Creating a Spa Marketing Plan

Lisa Starr


So, you’ve opened your doors and now you need to attract customers.  Growing your spa business is not a case of “if we build it, they will come.” Prospective clients are bombarded with thousands of daily marketing messages today; your spa business needs a well-designed spa marketing plan in order to attract their attention.

Creating a Plan

You’ll want to begin by creating a specific plan, which helps you narrow your options and follow a budget. The first component of creating this spa marketing plan will be to revisit your spa’s branding and core values. This will help to ensure that any marketing messages you create clearly communicate these elements of your business, which helps to set you apart from the  competition. After all, it’s possible to get a massage or facial in myriad places, but the special nature of YOUR business has to stand out in the crowd.

Next, consider what you want to accomplish with this marketing plan. Getting more revenue dollars is the end goal, but you should be more strategic. Do you want to attract more new customers, or get more dollars out of customers that you already have? Do you have enough customers, but need them to come more frequently? These are important distinctions which will affect your plan and spending. Speaking of spending: a mature spa should budget 5% of annual revenue for marketing and advertising. You can calculate that amount and divide by four for quarterly budgeting, or perhaps allocate more spending in busier quarters, typically Q2 and Q4, and less in the others.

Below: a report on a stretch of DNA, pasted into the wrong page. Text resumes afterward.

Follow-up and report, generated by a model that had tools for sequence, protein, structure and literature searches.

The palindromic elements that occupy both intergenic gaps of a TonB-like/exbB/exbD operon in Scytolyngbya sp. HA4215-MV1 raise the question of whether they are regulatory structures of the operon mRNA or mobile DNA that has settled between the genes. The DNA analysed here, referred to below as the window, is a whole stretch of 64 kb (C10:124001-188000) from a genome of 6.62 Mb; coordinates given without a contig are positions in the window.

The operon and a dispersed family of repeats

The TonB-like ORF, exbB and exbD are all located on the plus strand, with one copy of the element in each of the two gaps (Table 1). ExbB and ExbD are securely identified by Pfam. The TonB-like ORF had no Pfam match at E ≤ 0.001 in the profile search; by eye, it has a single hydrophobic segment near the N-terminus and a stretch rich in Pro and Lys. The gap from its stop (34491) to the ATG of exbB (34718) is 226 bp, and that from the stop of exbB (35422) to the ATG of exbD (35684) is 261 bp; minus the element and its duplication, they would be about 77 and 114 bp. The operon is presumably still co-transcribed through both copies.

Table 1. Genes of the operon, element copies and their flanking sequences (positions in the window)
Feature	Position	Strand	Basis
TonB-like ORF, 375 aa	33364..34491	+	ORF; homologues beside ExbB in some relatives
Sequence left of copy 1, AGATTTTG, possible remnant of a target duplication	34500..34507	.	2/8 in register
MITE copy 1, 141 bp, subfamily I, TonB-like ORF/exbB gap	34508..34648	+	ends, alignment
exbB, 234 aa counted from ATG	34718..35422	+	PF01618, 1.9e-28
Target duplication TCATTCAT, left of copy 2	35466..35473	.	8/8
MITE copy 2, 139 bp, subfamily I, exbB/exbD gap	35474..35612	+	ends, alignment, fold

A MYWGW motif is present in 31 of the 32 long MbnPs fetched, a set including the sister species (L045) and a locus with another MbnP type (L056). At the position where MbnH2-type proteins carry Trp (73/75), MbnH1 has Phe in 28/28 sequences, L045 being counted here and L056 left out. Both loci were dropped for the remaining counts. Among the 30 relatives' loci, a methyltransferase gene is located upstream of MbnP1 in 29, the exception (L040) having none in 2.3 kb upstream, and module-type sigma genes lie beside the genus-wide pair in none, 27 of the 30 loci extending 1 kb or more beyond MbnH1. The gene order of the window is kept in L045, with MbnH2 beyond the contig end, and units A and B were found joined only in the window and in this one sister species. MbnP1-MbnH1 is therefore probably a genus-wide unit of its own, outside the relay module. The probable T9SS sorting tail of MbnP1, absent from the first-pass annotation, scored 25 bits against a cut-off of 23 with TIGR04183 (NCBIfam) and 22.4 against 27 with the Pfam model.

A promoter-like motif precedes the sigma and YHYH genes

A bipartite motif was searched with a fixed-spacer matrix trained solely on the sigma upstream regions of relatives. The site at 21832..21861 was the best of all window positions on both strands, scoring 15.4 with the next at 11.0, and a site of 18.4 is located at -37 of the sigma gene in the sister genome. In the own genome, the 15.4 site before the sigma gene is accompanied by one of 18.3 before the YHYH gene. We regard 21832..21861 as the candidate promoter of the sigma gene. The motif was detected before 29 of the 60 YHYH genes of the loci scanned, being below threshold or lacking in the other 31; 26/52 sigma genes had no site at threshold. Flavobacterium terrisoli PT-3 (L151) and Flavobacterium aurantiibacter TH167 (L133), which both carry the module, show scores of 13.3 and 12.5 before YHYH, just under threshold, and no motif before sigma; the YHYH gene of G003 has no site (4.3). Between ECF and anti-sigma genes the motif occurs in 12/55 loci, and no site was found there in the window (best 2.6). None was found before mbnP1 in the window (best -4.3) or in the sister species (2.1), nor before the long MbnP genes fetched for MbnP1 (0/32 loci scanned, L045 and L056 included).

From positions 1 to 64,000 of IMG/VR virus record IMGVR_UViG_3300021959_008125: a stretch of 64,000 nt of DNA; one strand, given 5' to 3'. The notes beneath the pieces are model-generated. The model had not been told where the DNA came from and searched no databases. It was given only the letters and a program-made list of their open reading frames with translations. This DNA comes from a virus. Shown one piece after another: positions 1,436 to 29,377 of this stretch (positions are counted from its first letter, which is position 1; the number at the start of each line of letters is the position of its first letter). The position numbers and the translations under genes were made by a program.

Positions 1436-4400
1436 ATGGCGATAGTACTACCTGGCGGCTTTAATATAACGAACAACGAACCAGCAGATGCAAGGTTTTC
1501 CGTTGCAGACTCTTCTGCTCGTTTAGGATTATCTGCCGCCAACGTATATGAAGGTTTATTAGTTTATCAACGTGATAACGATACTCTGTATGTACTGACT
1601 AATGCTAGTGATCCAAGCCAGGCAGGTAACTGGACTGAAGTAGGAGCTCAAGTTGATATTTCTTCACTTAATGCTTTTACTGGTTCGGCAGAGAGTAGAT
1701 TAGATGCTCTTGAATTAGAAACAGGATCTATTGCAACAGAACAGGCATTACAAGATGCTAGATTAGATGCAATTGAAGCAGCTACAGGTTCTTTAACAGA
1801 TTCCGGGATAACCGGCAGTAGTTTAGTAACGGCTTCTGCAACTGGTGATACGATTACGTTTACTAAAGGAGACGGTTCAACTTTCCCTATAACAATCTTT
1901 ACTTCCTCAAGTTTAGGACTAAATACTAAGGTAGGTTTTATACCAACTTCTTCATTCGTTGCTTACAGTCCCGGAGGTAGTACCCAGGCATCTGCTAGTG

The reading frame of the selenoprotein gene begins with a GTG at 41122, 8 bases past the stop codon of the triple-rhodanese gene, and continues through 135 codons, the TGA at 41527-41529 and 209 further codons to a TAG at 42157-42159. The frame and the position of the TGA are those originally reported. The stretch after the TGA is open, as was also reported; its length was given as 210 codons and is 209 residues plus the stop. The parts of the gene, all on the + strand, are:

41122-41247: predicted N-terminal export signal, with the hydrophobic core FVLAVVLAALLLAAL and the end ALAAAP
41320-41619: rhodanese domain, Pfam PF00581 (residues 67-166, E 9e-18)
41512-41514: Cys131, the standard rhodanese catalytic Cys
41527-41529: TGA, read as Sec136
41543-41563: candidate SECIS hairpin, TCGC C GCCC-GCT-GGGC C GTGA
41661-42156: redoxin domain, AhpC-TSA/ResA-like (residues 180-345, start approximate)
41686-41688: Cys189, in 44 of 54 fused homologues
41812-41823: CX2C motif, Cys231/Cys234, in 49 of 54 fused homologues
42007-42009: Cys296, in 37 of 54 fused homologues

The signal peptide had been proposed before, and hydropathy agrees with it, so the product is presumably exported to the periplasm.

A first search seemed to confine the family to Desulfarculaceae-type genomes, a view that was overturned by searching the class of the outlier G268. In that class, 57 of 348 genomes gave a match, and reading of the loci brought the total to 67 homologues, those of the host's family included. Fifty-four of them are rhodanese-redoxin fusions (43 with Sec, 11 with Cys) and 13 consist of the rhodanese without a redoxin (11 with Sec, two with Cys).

While paid advertising is shrinking as a percentage of the marketing budget, it can still be an effective path to expanding your reach to new clients. If you are located in a city, there may be a monthly magazine that new residents and tourists rely on to find local businesses. You would not necessarily need a monthly ad, but perhaps a larger quarterly ad placement. Smaller towns often have a community-based weekly newspaper which can also be a good source of new business. Just make sure your print ads include a CTA (call to action), such as “Call now to book our renowned Rejuvenation Retreat by April 30 and receive a complimentary upgrade to a Hot Stone Massage.” Just listing your name, address, phone & URL with a nice photo won’t bring you any clients. A comprehensive advertising plan would be an important part of any efforts to gain new clients.

Email Marketing

Yes, email inboxes are on overload, and yet email marketing is still one of the most effective ways to stay in touch with your current clients. Make sure your e-blasts look professional by using a software program such as MailChimp to create a template and send the blast. Monthly newsletters should combine sales-oriented messaging with some useful information such as healthy food recipes and promotion offers, which will encourage your clients to actually read them! Experts advise a subject line of 50 words or less; this is likely the most important factor in whether or not your email gets opened. Almost half of all emails sent are now opened on a mobile device, so make sure that both your email template and website feature responsive design, which will adapt to the device on which it is viewed.


A monthly newsletter is a great start but now let’s take that concept a step further.  Take a look at automated retention marketing tools that can scan your appointment book to see when your customer last visited and send them customized specials and offers designed to bring them back into your spa faster. The right marketing automation tools will integrate into your business management software and tie the activity to your customer records.


Social Marketing